Elliot Richman was the kind of kid who would read the Merck Manual for fun. “I would walk to school and tell kids about leprosy or malaria. They may have thought I was odd, but they were also interested,” he says. Richman’s father was an oral surgeon in New York City whose patients included Albert Einstein, Enrico Fermi, and J. Robert Oppenheimer. “I never met them, but their aura pervaded my childhood in a way,” Richman says. Called “the science guy” in high school, he went to the University of Rochester to study biology.
Richman (seen at right) took organic chemistry his sophomore year of college with a professor who underwent a preacher to teacher transition. “That professor brought his conversion skills to chemistry, and I caught that passion from him,” Richman says. He switched his major to chemistry and freely elected to take advanced math courses, a move emboldened by his roommate Steven Chu, future physics Nobel Prize winner and U.S. Secretary of Energy. But his strongest skills lay in bench work, which led to his Ph.D. at Rochester and a postdoctoral program at Columbia University.
“I enjoyed writing my thesis more than anybody else I knew,” Richman says of his postdoc days. That realization led him to consider a career in science writing. He had no writing credentials but managed to connect with an editor at the Medical Tribune who handed Richman a stack of medical journals. “Pick an article from each of these, write a news story, and I will critique you,” the editor said. Richman sent in his sample clips and was hired immediately.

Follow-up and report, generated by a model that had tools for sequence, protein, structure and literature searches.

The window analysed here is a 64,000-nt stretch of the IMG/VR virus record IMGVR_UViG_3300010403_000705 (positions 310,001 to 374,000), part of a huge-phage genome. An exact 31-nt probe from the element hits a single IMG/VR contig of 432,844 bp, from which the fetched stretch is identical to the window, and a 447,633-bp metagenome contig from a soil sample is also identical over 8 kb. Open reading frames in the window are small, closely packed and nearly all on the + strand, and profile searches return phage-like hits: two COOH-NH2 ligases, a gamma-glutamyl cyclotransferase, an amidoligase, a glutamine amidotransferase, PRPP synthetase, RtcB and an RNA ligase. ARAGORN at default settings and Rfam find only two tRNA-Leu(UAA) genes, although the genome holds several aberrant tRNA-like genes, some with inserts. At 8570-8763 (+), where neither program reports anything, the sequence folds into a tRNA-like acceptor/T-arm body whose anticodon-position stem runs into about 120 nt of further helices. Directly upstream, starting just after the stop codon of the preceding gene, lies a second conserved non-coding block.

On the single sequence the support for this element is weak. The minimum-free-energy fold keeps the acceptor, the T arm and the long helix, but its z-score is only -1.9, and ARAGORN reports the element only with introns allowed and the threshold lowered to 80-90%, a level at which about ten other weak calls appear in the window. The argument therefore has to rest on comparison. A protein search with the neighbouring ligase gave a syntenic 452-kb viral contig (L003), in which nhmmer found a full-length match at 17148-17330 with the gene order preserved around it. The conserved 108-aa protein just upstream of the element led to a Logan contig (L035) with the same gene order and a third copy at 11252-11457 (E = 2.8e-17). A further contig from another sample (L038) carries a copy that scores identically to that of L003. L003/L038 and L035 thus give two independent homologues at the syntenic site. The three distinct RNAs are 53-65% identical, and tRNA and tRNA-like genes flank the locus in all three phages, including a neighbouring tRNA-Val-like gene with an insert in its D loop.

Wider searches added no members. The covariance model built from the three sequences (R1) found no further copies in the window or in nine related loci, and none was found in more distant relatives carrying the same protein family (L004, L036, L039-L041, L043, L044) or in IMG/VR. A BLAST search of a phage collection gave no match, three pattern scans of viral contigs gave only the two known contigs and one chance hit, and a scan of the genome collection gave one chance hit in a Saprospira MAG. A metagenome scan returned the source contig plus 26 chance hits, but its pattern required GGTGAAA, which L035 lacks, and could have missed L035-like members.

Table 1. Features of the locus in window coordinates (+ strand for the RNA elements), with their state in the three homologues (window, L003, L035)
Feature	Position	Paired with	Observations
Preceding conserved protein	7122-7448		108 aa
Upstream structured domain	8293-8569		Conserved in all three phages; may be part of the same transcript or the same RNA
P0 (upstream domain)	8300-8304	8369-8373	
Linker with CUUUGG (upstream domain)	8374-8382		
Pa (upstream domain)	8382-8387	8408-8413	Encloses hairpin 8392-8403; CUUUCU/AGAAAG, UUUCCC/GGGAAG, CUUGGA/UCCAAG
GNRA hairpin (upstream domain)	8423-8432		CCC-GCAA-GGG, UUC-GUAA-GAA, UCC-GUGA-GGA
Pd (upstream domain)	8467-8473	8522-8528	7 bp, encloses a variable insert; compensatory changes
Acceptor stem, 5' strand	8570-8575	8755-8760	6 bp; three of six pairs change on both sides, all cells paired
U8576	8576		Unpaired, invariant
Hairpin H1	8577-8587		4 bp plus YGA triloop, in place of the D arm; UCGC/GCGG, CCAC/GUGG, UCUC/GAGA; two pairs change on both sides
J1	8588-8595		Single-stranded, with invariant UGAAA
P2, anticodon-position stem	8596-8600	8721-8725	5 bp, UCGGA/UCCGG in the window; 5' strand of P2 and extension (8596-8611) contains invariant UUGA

Richman enjoyed “imposing order on a chaotic world” as a writer and editor for many publications for 25 years. But after 9/11, he wanted to instill new meaning into his career by sharing his “head full of scientific knowledge” with young people. Richman says writing is all about “boiling down and focusing information for target audiences, and that is exactly what I do as a teacher.”
In his 15th year of teaching, Richman emphasizes that chemistry is more than a collection of facts and equations. “It is a story of human intellectual development over centuries,” he tells his students at Ramapo High School in Franklin Lakes, N.J. Richman says if his students retain only one thing after the final exam, he hopes it’s that “chemistry is demonstration that the natural world is knowable, albeit through hard work.”